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Kirk is a software developer who has filled most roles on the software developer team. He is the author of Java Design: Objects, UML, and Process (Addison-Wesley, 2002) and he contributed to No Fluff Just Stuff 2006 Anthology (Pragmatic Bookshelf, 2006). His most recent book, Java Application Architecture: Modularity Patterns with Examples Using OSGi was published in 2012. Kirk is a DZone Zone Leader and has posted 77 posts at DZone. You can read more from them at their website. View Full User Profile

Grass Roots Agile

02.24.2009
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The Environment

Teams interested in increasing agility often emphasize process and practices, but ignore the technological aspects necessary to increase agility. Are teams agile because they use Scrum? No. Are teams agile because they practice Continuous Integration? No. Are teams agile because they have a project room? No. Agility is not defined by process or practice. Agility is defined by ability. The ability to deliver working software. The ability to respond to change. The ability of software to accommodate change and remain working software. Agile processes and practices serve as wonderful guides to help teams develop higher degrees of agility. But processes and practices that help manage change and emphasize delivery are not enough. Teams must also craft code, develop a supporting infrastructure, and adopt tools and frameworks that encourage and embrace change. Below are some essential characteristics of technology that help maximize the effectiveness of agile practices.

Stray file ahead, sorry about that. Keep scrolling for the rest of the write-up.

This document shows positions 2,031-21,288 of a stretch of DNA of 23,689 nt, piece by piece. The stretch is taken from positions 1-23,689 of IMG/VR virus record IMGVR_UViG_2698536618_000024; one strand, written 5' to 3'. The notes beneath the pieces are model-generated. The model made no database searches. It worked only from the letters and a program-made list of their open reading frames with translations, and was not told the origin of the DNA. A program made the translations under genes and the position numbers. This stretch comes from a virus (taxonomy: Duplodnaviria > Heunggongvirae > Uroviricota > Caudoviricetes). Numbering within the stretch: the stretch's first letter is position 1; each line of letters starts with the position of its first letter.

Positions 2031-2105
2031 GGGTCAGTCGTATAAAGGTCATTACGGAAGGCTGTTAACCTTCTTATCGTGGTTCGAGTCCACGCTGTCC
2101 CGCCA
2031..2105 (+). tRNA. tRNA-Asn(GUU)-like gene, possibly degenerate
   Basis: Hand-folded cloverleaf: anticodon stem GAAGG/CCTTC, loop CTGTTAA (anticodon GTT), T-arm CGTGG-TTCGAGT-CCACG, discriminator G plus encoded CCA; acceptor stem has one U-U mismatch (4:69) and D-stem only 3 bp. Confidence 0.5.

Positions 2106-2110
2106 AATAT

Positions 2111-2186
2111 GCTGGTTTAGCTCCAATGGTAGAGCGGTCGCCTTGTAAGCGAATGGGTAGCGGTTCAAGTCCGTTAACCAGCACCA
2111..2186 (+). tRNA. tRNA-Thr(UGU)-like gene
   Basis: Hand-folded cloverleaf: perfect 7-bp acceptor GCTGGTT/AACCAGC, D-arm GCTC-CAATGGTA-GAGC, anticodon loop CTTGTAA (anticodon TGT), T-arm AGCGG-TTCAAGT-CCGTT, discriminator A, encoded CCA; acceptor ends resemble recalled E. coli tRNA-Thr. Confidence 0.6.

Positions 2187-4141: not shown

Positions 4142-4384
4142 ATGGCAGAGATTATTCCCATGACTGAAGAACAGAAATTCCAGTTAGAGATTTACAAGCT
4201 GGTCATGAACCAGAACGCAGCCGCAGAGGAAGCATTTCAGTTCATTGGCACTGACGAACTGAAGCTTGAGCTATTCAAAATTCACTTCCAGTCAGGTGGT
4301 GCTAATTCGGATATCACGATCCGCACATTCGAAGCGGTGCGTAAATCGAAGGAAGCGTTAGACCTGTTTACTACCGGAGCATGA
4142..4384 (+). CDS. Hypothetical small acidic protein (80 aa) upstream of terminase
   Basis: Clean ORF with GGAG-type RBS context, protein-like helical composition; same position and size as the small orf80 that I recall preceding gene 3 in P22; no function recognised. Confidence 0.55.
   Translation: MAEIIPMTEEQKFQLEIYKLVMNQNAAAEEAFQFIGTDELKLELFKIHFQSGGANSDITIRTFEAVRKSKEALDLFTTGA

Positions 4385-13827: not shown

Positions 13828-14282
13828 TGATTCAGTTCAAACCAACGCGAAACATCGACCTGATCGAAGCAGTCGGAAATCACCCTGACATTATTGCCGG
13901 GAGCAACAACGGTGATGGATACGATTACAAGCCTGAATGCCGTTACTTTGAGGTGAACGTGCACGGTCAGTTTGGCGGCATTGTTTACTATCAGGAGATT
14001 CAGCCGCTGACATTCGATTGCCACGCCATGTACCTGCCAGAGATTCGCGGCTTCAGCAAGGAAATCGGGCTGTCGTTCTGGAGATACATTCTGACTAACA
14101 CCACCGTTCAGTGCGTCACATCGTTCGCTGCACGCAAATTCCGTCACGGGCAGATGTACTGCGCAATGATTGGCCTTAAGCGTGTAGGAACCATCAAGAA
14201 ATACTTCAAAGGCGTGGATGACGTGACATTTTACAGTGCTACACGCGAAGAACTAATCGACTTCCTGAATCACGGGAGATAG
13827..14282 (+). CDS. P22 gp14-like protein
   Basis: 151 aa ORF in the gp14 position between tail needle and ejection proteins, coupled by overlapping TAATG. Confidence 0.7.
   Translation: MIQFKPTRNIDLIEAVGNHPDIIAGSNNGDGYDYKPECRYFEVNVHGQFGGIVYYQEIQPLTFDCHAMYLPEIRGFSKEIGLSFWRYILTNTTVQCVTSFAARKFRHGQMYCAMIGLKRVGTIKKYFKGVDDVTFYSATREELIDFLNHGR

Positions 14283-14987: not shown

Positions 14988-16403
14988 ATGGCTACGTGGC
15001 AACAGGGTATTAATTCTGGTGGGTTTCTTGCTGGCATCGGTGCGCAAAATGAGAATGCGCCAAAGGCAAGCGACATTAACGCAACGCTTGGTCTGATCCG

Agile Code

The ability to accommodate changing requirements is directly related to the flexibility and malleability of the code base. High quality code that is easy to maintain fills the gap between a team that embraces agile practices and a team that can follow through by accommodating change quickly and easily. A brittle codebase that lacks design and architectural resiliency prevents teams from realizing the promise of agility. Below are the characteristics of agile code.

Loosely Coupled

Coupling is the degree to which one program module depends on another. Tightly coupled code with excessive dependencies is brittle. Small changes in one area of the system have a ripple affect that impact other areas of the system, often unknowingly. To reduce coupling, dependencies among all modules must be carefully managed. For instance, applying proven design and architectural patterns help modularize large software systems, leading to loosely coupled code, components, and services.

Highly Cohesive

Cohesion is the degree to which a program module performs a specific piece of functionality. Well-written code is highly cohesive. A codebase lacking cohesion is difficult to understand, maintain, test, and reuse. Cohesive code results in smaller, more focused modules that ease change and increase reusability. Cohesive classes packaged into cohesive deployable units defined at an appropriate level of granularity allow development teams to shift architecture more easily as change surfaces.

Fully Tested